Sony might only be offering 500 Swedish users the chance to trial it, but its new Concept for Android project could just be the future of non–Apple smartphones.
The Japanese giant, whose mobile business was reported to be up for sale earlier this year, is offering Xperia Z3 owners the opportunity to play with a stripped back version of Android on their devices.
In an official blog post, the company said: “[Concept for Android] has some significant differences compared to our current commercial releases, with a stripped back, vanilla Android look and feel, with native Sony features and apps we find most popular amongst our users.”
That means the likes of Sony’s Xperia Lounge and its Music service stay. But take one look at the screenshots and this is very much the Android experience you’d expect from a Google Nexus device.
What do you get? Just the apps you need, the Play Store for the apps you want and a simple home screen.
Until now, Sony’s take on Android has been clever, dynamic and often infuriating.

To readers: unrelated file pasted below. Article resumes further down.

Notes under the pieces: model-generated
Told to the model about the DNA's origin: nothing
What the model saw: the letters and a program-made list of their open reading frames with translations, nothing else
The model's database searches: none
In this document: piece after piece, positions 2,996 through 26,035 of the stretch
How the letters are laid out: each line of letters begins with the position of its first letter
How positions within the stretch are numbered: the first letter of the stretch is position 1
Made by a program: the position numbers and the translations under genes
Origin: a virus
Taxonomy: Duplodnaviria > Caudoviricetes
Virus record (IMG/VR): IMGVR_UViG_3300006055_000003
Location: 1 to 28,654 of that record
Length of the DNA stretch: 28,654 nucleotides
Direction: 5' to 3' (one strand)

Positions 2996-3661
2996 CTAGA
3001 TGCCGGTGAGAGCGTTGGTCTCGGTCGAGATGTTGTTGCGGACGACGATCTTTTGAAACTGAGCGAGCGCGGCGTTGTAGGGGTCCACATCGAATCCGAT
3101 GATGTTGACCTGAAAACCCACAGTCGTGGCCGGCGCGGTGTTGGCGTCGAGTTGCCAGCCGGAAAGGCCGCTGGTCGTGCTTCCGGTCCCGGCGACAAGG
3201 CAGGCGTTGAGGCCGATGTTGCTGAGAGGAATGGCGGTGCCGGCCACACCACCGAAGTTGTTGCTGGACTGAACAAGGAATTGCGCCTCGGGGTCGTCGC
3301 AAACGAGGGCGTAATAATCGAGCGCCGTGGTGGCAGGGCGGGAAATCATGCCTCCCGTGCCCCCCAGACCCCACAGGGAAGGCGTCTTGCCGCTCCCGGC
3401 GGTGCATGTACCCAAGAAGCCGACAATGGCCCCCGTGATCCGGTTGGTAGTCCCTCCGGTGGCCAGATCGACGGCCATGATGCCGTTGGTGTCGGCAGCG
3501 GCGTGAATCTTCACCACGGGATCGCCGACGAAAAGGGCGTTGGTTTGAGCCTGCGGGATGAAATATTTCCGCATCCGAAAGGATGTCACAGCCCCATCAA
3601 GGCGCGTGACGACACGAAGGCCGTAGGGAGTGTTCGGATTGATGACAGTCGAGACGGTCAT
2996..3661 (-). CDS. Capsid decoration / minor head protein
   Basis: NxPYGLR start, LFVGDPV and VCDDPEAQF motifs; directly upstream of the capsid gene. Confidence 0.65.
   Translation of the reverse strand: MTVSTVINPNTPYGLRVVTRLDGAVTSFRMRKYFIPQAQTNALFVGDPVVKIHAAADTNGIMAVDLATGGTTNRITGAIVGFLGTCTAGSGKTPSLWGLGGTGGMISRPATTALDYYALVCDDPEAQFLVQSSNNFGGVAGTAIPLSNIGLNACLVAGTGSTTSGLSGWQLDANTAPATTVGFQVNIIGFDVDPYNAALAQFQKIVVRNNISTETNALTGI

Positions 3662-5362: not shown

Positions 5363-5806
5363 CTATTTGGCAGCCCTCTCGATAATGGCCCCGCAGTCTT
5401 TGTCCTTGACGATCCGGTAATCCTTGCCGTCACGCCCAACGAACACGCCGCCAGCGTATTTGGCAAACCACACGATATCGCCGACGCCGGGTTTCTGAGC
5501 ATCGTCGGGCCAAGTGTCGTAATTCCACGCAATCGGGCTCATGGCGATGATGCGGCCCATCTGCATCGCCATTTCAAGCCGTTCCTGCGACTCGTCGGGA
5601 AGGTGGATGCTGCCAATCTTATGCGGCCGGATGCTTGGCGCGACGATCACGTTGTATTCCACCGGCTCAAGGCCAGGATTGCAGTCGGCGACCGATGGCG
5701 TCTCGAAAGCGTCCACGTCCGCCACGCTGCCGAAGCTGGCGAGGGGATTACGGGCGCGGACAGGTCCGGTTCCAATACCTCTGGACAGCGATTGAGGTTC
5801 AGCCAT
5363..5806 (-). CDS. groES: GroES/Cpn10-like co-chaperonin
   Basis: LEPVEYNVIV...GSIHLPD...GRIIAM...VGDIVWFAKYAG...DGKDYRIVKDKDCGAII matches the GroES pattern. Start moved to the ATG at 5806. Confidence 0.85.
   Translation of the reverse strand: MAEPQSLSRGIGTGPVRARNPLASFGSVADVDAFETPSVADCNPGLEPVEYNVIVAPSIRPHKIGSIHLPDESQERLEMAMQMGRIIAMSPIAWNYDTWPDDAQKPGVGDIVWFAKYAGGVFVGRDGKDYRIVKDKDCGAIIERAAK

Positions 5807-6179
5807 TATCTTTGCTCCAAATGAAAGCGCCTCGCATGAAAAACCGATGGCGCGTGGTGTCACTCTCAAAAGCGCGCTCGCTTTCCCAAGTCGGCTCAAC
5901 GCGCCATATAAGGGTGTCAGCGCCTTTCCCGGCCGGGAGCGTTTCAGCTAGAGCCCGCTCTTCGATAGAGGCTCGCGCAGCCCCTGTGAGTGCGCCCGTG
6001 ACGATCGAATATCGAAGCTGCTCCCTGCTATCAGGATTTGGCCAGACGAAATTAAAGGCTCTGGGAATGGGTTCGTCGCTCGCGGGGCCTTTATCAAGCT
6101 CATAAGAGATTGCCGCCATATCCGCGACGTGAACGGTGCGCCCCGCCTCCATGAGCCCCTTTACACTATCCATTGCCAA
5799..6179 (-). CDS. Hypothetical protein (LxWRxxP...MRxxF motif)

Like so many other Android custom skins, it solves problems that no longer exist.
Stock Android has been of a high standard for years now and there’s really no need for Sony to offer more bells and whistles.
Of course, some manufacturers already know this.
Motorola offers phones without its own egregious adornments. But many others do not.
Samsung still has its own custom skin, albeit a much less busy version than before.
HTC’s Sense is cool, but remains a pointless addition that slows down future software updates.
And really, the latter is what it’s all about. Android remains a fragmented ecosystem, with Lollipop still only a niche concern, despite Android M being imminent.
Users are having to wait an age for updates, often meaning its easier to get the latest edition of Android by going out and buying a new phone.
Compare that to iOS, where four-year-old iPhones run iOS 8, and you can see why Android-owners get frustrated.
With Concept for Android, Sony is saying it gets it.
It even suggests faster updates are the ultimate goal, claiming that paring back Android means "this will eventually enable us to respond to your needs quicker and easier". That’s for certain.
And let's face it, Sony needs something to work with Xperia sales struggling to match the competition.
At least now it’s thrown down the gauntlet to its rivals and begun leading the way towards a more united Android.